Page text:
A post-9/11 espionage thriller adapted from John Le Carré’s 2008 novel, A Most Wanted Man opens on a battered sea wall. It sits at the lip of Hamburg, Germany, a port city on high alert after Mohamed Atta and his co-conspirators plotted the September 11th attacks there, undetected by German intelligence officers. In the film’s first minutes, a Chechen/Russian dual citizen named Issa (Dobrygin) mounts the sea wall and is absorbed into Hamburg’s Muslim community, setting off alarms for an off-the-books team of spies, led by Günther Bachmann (Hoffman, in one of his last film performances), who’ve been tracking Issa’s movements.
Issa is the central daub of paint in a pointillist portrait of predators and prey: Take 10 steps back, cock your head to the left, and maaaaaaybe all the discrete strokes make sense in wide focus. As the chain-smoking, poker-faced Günther lays it out, “It takes a minnow to catch a barracuda, and a barracuda to catch a shark.” Be they spies, bureaucrats, or Islamic extremists, everybody has a place in the pecking order, but the filmmakers intentionally obscure precisely who’s nibbling at whose heels.
Playing it, as ever, close to the chest, director Anton Corbijn (Control, The American) lurches between other points of interest, and other predators and prey, played by an international cast. The apparently Herculean effort to sound authentically German leaches some liveliness from the Americans’ performances. But Hoffman – his voice low and slowed to pin that unruly accent into submission – flips a seeming disadvantage on its head: A sudden movement or sardonic aside becomes more precious for its rare break from tight control.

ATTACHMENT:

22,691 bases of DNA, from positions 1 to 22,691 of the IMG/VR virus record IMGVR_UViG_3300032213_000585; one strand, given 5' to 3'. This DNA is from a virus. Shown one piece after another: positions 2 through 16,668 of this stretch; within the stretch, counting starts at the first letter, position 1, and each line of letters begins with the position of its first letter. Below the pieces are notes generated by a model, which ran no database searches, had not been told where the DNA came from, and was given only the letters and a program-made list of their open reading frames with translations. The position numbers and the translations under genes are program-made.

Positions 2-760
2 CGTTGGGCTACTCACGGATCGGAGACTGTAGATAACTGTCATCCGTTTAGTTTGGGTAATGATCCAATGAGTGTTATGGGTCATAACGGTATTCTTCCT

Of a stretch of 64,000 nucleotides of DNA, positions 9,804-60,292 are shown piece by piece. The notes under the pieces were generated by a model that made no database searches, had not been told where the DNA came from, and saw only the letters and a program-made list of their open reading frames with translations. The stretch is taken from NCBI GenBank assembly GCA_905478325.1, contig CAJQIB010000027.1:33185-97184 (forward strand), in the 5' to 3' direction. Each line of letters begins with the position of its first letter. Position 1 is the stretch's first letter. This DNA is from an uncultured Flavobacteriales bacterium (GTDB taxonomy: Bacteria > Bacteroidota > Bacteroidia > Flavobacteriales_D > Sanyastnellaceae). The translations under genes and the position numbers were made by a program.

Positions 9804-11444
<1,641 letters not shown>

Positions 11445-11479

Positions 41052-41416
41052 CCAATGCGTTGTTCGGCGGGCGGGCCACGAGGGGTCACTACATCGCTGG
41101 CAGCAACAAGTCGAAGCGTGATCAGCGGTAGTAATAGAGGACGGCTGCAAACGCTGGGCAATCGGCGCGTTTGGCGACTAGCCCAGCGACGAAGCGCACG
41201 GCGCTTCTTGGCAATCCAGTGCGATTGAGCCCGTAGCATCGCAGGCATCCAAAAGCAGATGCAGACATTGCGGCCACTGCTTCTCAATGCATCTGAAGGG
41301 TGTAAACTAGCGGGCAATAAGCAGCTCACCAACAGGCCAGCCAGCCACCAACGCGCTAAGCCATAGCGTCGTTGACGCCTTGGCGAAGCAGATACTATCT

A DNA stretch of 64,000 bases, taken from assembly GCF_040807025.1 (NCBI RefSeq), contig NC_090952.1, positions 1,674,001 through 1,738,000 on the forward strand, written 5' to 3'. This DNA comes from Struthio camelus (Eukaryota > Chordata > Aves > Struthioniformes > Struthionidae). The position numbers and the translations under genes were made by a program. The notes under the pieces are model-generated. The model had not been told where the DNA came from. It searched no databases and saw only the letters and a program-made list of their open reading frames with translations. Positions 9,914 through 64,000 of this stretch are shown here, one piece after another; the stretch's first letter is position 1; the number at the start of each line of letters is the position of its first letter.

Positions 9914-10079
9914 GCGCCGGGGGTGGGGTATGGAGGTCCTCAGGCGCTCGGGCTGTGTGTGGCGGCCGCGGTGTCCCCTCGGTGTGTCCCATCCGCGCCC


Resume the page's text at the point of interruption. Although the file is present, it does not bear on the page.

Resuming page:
Corbijn gets that the threat of violence in a movie jangles the nerves more than its follow-through, and he favors smash cuts and hard hit-stops on transitional music to goose the mood into a grim anxiousness. The overcast look and locations fill out the job. A Most Wanted Man takes place in sterile offices and grungy bars, surveillance vans and secret interrogation rooms – places largely empty of personal effects – so it’s a shock to the system when, late in the film, we suddenly see Günther in his own home, in the sad, wood-paneled bachelor pad of an underpaid, underappreciated spy operative. He sits at a modest upright piano to play a little, not all that well, but it’s moving nonetheless, Hoffman’s stubby, timid fingers and what insight they give into the soul of an undemonstrative man.
Corbijn carries over the sounds of Günther’s unpracticed piano into the next scene – a crucial scene, in which a trap is set and all the spy maneuverings come to a head – and for a moment, I wondered if Corbijn had gone soft (you could hardly fault him; that kind of ribboned-pretty mournful movie montage works like gangbusters). Then Corbijn hits stop hard again. Ten minutes later Hoffman staggers away from the wreckage, his beautiful bulk, filmed from behind, dotting the i’s and crossing the t’s on the film’s thesis statement. Forget divining who’s predator and who’s prey. Everybody’s chum here.